An interesting question in Indonesia is whether non-resident directors and commissioners need to obtain work permits. Our team takes a look.
Do non-resident directors and commissioners need to obtain work permits?
Unfortunately, Indonesian legislation does not provide a clear answer to this point and there are arguments which can be made for and against the approach of not obtaining a work permit for a foreign director who does not reside in Indonesia.
The relevant manpower legislation only states that:
“Every employer that employs an expatriate must obtain a written permit from the Minister or the relevant appointed official.”
As can be seen, the wording of the manpower legislation is broad. The provisions do not specify whether the words “employs an expatriate” also include foreign persons with a position in the company who do not reside in Indonesia. Therefore, the legislation is, on its wording, unclear as to whether such foreigners who hold office or are employed by an Indonesian company, but who do not reside within the country, would also require work permits. The practice of most companies to date is that such non-resident persons would not typically hold work permits in Indonesia unless they are regularly in the country performing executive or visible roles for the employer.
However, in practice, there are two conflicting views on the interpretation of the requirement to obtain work permits. On the one hand, there is a view that such foreign persons do not require work permits as long as they do not carry out any work and/or reside in Indonesia for more than 183 days (because staying longer than 183 days in Indonesia typically triggers tax residency in Indonesia) or other number of days specified in an applicable Double Taxation Treaty. This, in our opinion, is the legally correct view.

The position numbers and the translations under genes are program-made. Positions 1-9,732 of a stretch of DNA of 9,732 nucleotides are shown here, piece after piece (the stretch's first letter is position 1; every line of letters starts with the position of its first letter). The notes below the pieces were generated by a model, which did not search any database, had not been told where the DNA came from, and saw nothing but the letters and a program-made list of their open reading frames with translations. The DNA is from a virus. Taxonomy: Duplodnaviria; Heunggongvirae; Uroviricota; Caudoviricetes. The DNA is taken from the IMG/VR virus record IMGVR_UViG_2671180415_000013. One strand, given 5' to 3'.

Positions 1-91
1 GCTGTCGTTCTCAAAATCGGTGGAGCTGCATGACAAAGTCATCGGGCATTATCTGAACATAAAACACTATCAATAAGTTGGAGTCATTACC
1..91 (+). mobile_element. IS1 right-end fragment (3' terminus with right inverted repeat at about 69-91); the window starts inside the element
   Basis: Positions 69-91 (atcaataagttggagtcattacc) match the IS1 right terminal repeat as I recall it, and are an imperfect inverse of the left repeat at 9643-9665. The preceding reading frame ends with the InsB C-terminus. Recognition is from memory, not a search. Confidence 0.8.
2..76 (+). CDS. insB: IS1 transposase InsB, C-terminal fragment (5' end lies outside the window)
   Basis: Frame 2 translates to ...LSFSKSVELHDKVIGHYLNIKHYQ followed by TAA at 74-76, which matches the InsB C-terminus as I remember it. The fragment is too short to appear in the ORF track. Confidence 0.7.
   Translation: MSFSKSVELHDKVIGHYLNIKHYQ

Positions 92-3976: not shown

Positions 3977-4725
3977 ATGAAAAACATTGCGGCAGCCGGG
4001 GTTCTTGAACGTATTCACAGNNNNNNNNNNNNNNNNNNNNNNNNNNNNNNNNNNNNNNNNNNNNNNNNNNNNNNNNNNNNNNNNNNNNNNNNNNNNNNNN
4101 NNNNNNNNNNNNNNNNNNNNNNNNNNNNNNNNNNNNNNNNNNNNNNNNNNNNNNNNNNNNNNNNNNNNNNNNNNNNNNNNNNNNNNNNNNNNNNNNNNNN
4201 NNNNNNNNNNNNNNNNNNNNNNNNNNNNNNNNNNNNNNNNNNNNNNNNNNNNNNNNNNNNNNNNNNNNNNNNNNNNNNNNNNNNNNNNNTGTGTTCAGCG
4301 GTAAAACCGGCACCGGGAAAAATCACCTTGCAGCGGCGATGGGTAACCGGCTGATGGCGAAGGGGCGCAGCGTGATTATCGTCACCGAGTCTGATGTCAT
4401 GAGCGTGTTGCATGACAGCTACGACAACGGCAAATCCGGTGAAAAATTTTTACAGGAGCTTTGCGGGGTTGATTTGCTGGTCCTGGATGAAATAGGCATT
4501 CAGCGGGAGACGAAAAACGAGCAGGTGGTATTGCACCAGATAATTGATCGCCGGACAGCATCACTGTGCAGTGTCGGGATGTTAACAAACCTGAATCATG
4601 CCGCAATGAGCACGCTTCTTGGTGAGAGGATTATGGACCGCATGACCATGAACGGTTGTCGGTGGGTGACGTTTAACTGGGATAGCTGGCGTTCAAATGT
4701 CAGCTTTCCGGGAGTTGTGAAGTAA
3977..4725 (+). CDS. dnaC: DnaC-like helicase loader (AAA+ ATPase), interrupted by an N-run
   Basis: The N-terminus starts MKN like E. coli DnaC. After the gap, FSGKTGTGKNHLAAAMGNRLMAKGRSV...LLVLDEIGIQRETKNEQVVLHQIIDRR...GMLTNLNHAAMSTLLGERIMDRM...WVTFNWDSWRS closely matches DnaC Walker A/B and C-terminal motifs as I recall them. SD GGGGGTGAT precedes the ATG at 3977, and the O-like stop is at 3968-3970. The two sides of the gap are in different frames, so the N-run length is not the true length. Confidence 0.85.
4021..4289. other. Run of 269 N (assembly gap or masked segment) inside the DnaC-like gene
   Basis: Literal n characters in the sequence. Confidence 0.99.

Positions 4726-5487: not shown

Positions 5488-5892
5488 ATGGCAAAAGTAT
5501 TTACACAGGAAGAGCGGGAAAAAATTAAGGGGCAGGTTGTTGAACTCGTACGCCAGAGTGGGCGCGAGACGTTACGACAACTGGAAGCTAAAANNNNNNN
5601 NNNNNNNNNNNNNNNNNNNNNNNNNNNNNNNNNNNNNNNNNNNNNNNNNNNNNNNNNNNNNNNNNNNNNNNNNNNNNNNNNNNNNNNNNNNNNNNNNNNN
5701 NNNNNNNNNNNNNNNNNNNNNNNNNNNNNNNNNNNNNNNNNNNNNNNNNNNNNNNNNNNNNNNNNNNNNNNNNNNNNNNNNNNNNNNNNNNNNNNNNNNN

On the other hand, in the absence of any express regulation on this point, it is open to the Ministry of Manpower to argue that, even though the foreigner does not reside in Indonesia, he needs to have a proper work permit to carry out any work for an Indonesian employer. We have seen instances in recent years in which the Ministry of Manpower forcefully applied this narrow interpretation.
Unfortunately and as discussed above, there is no clear answer to this point and there are arguments that can go both ways.
Given that a director is authorised to manage the company and act on behalf of the company by virtue of the company’s articles of association, it would be difficult to be of a certain view that a foreign director who does not reside in Indonesia does (or does not) need a valid work permit. It would be even more difficult to argue against the view that a foreign director that resides overseas must have a valid work permit if the foreign director carries out actual work (eg signs documents or otherwise works in Indonesia in relation to the relevant employer entity).
Our views on non-resident directors also apply in relation to a non-resident commissioner.
However, it would somewhat be easier to argue against the view that a commissioner who does not reside in Indonesia requires a valid work permit because, under the Indonesian Company Law, the primary function of commissioners is only to supervise the management of a company by the board of directors, and is therefore by law meant to be non-executive.
If, however, a foreign commissioner were based in Indonesia or was in fact actively engaged in a company’s activities, there is a greater chance that the Ministry of Manpower would argue that the commissioner’s role is actually “working” and hence requires a work permit to perform his/her role.